new zealand electronic poetry centre

k a   m a t e   k a   o r a  

a new zealand journal of poetry and poetics
issue 12,  march 2013


Anna Jackson

 

 "Mary, of France" is not so much a poem as an enthusiastic response to the translation Jack Ross offered of the poem "Laustic" or "Nightingale" by Marie de France, in the previous issue of Ka Mate Ka Ora.  If it is not quite a poem it is even less a translation: I could not improve on Jack's translation, with his skilful use of metre and rhyme and close adherence to the sense of the original.  But I wondered if the sharpness of the original, which came across more in Jack's footnotes than in the verses, could be sharpened up more in a briefer version.   

 


Mary, of France

My name is Mary, but call me Marie –
I come from France.  I am French as they come.

And so, I write about love.
Courtly, but not without feeling.  Oh, not without feeling.

So much feeling, to fit inside
four walls, or, in this instance, a few lines on a page.

And so she leans out of the window…
She yearns, and she does not yearn alone.

Not so scandalous, to lean out of a window,
even if he leans out of his window and she leans out of hers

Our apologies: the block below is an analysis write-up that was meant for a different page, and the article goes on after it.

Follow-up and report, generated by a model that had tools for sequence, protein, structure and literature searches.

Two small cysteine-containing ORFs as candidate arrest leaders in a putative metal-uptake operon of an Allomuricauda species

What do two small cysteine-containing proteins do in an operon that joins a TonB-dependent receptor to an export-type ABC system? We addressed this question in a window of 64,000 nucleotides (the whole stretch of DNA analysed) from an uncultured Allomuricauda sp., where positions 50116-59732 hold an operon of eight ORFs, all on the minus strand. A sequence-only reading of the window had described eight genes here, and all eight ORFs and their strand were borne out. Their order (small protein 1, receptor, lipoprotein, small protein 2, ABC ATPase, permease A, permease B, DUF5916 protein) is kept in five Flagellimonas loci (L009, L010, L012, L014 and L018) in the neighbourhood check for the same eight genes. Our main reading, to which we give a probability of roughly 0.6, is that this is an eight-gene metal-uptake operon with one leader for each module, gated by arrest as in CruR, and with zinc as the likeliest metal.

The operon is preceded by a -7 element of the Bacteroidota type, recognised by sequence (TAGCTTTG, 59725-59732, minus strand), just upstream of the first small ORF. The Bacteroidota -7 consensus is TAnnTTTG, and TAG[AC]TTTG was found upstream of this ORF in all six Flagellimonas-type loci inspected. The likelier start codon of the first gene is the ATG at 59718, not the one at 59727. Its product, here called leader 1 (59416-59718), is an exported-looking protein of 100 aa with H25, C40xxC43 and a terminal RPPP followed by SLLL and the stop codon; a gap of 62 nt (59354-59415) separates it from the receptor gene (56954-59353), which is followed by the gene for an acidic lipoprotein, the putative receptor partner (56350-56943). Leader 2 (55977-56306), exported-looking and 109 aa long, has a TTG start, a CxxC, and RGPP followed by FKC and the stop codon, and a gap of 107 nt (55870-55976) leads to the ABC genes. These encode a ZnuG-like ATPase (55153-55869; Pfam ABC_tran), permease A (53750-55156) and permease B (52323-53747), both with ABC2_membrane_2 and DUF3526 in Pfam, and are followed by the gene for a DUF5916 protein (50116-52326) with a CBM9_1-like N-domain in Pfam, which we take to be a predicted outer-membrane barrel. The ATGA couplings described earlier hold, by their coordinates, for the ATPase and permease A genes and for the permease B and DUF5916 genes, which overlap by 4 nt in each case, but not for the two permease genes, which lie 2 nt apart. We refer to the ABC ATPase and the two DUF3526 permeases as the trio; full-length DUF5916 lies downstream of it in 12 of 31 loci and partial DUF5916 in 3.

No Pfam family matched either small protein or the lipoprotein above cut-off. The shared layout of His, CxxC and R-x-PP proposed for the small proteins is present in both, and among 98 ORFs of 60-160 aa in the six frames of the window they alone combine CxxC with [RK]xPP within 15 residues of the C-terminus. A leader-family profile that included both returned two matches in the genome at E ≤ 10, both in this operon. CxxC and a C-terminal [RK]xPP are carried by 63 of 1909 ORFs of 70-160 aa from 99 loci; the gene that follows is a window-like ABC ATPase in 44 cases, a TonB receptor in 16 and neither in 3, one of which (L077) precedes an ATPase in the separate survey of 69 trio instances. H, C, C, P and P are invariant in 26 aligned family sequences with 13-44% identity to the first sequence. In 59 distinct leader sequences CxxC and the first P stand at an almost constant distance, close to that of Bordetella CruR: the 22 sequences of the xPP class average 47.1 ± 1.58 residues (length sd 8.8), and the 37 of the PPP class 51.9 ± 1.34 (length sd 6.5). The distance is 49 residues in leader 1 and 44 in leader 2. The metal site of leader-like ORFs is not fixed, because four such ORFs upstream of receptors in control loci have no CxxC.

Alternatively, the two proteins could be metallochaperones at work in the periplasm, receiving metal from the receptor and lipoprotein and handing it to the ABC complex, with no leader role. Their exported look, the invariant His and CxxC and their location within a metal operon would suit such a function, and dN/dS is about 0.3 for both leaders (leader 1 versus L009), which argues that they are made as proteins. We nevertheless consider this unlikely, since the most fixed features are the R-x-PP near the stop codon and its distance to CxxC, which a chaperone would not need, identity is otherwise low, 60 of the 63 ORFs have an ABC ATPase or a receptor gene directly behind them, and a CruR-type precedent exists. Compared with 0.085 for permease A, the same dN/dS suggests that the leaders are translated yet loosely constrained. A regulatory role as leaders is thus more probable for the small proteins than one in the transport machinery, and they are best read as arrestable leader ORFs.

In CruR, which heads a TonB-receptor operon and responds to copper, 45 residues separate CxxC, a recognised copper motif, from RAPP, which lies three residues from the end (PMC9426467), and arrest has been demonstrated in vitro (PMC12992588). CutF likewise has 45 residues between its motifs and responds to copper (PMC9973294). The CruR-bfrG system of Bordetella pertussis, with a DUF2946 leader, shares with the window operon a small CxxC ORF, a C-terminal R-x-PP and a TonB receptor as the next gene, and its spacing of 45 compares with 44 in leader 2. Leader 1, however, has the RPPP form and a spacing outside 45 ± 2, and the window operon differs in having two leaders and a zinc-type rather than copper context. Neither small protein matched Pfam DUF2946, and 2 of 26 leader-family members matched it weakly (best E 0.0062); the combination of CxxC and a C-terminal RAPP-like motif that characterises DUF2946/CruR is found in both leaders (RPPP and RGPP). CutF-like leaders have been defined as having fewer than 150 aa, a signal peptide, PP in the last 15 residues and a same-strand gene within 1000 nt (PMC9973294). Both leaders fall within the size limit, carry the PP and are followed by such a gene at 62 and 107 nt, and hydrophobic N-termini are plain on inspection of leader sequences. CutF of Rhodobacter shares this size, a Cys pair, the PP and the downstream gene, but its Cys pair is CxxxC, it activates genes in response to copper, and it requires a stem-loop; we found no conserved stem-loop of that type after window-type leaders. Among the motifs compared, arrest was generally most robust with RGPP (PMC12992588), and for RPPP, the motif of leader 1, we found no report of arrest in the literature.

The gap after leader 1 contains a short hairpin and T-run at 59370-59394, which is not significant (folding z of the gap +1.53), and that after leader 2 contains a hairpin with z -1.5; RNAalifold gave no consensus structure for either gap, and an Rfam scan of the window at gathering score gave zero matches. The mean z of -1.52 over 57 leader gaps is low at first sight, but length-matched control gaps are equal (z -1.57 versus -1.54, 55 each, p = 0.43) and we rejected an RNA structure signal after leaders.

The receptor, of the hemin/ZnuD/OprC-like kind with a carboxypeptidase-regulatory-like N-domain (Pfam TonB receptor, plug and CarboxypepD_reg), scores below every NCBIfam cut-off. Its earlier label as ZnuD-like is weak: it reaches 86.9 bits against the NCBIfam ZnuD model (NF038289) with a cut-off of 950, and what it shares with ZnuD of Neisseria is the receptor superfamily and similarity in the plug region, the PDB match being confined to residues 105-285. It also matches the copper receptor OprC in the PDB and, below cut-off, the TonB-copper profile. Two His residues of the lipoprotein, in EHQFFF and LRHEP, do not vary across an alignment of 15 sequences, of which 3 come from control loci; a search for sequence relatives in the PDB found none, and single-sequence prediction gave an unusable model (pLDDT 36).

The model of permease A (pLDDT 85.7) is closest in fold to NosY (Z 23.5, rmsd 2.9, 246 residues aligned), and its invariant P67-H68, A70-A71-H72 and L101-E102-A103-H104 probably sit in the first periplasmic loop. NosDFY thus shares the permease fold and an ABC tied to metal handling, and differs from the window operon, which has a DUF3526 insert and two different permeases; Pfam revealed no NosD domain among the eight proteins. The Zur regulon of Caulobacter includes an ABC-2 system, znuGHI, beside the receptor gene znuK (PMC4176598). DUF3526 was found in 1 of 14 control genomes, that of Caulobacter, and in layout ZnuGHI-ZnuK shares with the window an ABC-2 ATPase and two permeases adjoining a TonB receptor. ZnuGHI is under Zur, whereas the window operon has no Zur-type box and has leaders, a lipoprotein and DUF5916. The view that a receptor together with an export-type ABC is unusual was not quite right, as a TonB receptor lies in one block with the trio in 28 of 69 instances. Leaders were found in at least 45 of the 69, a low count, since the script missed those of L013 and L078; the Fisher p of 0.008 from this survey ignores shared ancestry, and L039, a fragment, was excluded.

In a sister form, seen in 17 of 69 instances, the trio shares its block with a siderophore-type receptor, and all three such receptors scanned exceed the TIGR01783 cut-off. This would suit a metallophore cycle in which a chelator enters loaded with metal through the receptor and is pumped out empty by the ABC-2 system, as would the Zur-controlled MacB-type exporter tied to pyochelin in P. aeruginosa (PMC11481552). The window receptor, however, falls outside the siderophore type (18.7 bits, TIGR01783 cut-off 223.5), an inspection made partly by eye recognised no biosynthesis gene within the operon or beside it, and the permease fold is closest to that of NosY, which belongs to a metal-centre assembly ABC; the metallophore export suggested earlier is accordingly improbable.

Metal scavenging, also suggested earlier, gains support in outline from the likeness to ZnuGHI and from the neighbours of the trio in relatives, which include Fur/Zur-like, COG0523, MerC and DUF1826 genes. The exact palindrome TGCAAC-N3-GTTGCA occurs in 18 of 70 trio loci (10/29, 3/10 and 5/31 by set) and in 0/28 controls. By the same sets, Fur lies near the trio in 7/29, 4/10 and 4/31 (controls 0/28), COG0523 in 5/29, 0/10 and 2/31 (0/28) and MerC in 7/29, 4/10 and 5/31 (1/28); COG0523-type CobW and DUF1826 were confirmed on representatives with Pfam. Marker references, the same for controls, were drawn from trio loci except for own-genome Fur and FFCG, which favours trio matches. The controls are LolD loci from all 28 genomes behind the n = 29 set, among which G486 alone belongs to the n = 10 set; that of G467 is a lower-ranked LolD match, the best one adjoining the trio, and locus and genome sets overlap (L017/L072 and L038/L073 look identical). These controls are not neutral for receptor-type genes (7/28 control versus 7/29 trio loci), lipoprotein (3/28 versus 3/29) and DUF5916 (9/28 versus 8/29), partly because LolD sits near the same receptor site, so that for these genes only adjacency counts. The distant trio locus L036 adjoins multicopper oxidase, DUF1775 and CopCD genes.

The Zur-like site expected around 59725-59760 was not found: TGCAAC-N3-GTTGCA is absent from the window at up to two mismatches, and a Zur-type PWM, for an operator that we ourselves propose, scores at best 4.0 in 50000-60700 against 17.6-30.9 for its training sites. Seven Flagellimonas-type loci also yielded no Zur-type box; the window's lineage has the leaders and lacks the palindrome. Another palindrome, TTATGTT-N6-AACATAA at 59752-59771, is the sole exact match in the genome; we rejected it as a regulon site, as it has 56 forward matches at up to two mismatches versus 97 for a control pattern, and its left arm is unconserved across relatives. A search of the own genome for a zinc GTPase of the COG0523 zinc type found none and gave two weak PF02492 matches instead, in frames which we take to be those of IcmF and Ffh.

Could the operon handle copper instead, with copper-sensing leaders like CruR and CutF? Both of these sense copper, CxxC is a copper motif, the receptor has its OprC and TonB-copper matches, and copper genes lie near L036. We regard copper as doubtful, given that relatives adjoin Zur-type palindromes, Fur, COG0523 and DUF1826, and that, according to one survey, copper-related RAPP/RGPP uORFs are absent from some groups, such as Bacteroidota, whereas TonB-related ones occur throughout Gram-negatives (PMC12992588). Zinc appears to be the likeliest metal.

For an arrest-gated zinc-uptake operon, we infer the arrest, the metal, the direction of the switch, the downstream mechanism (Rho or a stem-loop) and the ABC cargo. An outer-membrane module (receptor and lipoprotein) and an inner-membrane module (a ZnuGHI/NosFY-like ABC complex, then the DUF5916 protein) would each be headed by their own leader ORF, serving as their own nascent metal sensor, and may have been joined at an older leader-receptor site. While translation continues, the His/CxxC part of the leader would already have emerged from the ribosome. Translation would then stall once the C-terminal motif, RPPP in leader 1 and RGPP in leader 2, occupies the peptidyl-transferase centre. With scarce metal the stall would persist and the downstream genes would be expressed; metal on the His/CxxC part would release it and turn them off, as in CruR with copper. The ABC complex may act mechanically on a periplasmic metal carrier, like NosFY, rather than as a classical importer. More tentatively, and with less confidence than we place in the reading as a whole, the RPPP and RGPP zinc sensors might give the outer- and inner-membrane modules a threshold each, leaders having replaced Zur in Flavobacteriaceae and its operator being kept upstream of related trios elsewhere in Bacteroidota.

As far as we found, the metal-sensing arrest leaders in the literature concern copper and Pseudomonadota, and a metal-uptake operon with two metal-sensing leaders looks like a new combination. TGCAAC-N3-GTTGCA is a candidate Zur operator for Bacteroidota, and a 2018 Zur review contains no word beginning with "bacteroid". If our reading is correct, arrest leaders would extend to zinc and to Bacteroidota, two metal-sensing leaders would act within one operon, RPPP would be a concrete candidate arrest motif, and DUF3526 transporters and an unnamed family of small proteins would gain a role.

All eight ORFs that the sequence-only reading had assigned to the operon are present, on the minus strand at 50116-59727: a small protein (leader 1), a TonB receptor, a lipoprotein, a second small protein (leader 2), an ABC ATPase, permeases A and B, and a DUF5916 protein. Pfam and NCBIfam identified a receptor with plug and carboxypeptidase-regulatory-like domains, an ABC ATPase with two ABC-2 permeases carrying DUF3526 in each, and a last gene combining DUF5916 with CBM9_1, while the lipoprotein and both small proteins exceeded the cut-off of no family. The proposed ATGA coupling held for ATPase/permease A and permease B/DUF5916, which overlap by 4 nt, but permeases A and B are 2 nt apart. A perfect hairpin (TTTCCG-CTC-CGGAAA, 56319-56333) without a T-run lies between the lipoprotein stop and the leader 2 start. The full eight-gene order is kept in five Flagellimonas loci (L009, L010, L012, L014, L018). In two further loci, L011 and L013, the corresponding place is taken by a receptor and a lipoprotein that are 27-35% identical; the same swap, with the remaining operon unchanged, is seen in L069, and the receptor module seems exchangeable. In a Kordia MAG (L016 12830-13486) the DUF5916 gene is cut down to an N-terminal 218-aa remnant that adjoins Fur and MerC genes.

and they live next door, so that their eyes meet. 
It is an affair only for their eyes.

When her husband asks what she looks out at,
she points out a little bird.

This is unfortunate for the bird.

Is she supposed to look happy when he captures the bird?
How can she look happy?

All night the bird sings to her
(it is a nightingale and sings all night)

and all night she weeps till her weeping
(and perhaps the singing) drives her husband mad.

He snaps the neck of the bird in front of her –
there is bird-blood on her dress.

No one can question now her need to cry.
Yet they do. 

I don't know how the story gets out!
The bird is buried, but still the poets sing. 

I am a poet, too, of course:
Mary, of France.

 


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Last updated 9 May, 2013